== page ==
Tuesday, September 08, 2020

Norwegian Billionaires Attracted to Arctic Tax Haven

The evils of mankind are caused, not by the primary aggressiveness of individuals, but by their self-transcending identification with groups whose common denominator is low intelligence and high emotionality.
— Arthur Koestler, born in 1905

Major tax rises will be needed to tackle record debt levels, Sunak told 

Boris Johnson tries to calm Tory mutiny with vow to keep taxes low  

Norwegian Billionaires Attracted to Arctic Tax Haven 


The problems and scandals surrounding the sale of ‘Golden Passports’, which allows their holders unrestricted access to EU members states and dozens of countries, have been brought to the fore by Al Jazeera’s recent investigative report.

Wider issues with golden passports

As of summer last year, 3 EU member states, Malta, Cyprus and Bulgaria, offered ‘citizenship-by-investment’ (golden passports) schemes and 20 EU member states, including the UK, offered ‘residence-by-investment’ schemes according to a report by the anti-corruption NGO Global Witness.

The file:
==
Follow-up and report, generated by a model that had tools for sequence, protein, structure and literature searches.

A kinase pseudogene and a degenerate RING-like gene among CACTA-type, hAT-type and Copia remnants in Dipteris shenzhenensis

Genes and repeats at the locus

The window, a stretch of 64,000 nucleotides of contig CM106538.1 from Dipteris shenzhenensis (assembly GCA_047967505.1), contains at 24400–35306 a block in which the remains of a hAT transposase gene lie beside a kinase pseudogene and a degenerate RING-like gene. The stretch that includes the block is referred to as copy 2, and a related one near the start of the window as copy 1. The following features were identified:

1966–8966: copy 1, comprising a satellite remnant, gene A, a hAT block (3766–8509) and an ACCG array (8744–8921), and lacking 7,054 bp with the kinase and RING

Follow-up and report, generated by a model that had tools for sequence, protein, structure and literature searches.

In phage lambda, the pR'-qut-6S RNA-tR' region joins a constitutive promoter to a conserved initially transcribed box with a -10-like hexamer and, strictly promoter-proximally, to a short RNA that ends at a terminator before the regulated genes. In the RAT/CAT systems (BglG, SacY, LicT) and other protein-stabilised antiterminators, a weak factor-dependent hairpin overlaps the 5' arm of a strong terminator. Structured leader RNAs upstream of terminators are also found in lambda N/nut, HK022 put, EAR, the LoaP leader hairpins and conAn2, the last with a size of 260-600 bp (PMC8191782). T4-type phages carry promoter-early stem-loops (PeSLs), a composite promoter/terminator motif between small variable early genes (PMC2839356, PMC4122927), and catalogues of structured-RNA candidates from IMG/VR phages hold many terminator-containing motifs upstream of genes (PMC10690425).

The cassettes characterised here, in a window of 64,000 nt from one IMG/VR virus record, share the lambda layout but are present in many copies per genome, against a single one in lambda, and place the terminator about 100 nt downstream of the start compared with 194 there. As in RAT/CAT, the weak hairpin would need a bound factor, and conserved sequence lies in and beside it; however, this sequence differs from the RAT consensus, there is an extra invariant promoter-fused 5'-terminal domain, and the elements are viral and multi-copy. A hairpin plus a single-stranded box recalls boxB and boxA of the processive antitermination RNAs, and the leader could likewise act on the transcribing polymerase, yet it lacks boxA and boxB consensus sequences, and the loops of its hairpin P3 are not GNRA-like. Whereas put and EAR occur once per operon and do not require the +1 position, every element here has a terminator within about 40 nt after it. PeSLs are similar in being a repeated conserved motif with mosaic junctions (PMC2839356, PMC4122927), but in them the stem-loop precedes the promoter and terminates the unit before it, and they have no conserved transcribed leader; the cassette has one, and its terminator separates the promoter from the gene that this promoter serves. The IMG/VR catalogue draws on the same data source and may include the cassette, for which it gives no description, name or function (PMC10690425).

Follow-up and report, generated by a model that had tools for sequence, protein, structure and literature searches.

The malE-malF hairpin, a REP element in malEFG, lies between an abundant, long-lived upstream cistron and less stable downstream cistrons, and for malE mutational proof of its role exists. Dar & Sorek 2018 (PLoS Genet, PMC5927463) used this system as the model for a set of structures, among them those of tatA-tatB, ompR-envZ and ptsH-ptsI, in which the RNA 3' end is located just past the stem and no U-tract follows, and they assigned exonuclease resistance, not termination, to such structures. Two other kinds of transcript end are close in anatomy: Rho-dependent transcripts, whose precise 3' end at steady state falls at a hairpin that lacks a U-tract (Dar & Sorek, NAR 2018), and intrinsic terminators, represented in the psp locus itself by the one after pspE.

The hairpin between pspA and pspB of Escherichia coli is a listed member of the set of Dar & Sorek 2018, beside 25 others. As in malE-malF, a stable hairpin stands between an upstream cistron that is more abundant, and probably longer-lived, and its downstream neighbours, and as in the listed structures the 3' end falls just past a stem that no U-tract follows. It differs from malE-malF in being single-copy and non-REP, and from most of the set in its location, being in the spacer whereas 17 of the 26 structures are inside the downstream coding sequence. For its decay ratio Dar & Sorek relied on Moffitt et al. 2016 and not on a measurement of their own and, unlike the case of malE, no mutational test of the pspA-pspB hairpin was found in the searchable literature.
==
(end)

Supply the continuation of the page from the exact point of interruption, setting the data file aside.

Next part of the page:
At that time, Tina Mlinaric, a campaigner at Global Witness said: “This exposes the whole of the EU to significant money laundering, tax evasion and corruption risks, as well as threatening its security.

“It’s also the case that these schemes are shrouded in secrecy so the impact is only understood when scandals hit the headlines, meaning the urgency of the issue is being ignored.”

In March 2018, Gold for Visa investigations by the Organized Crime and Corruption Reporting Project (OCCRP) illustrated rampant sale of EU citizenship and residency to ultra-rich foreign investors with little scrutiny, transparency or due diligence.

Golden passports: the EU must act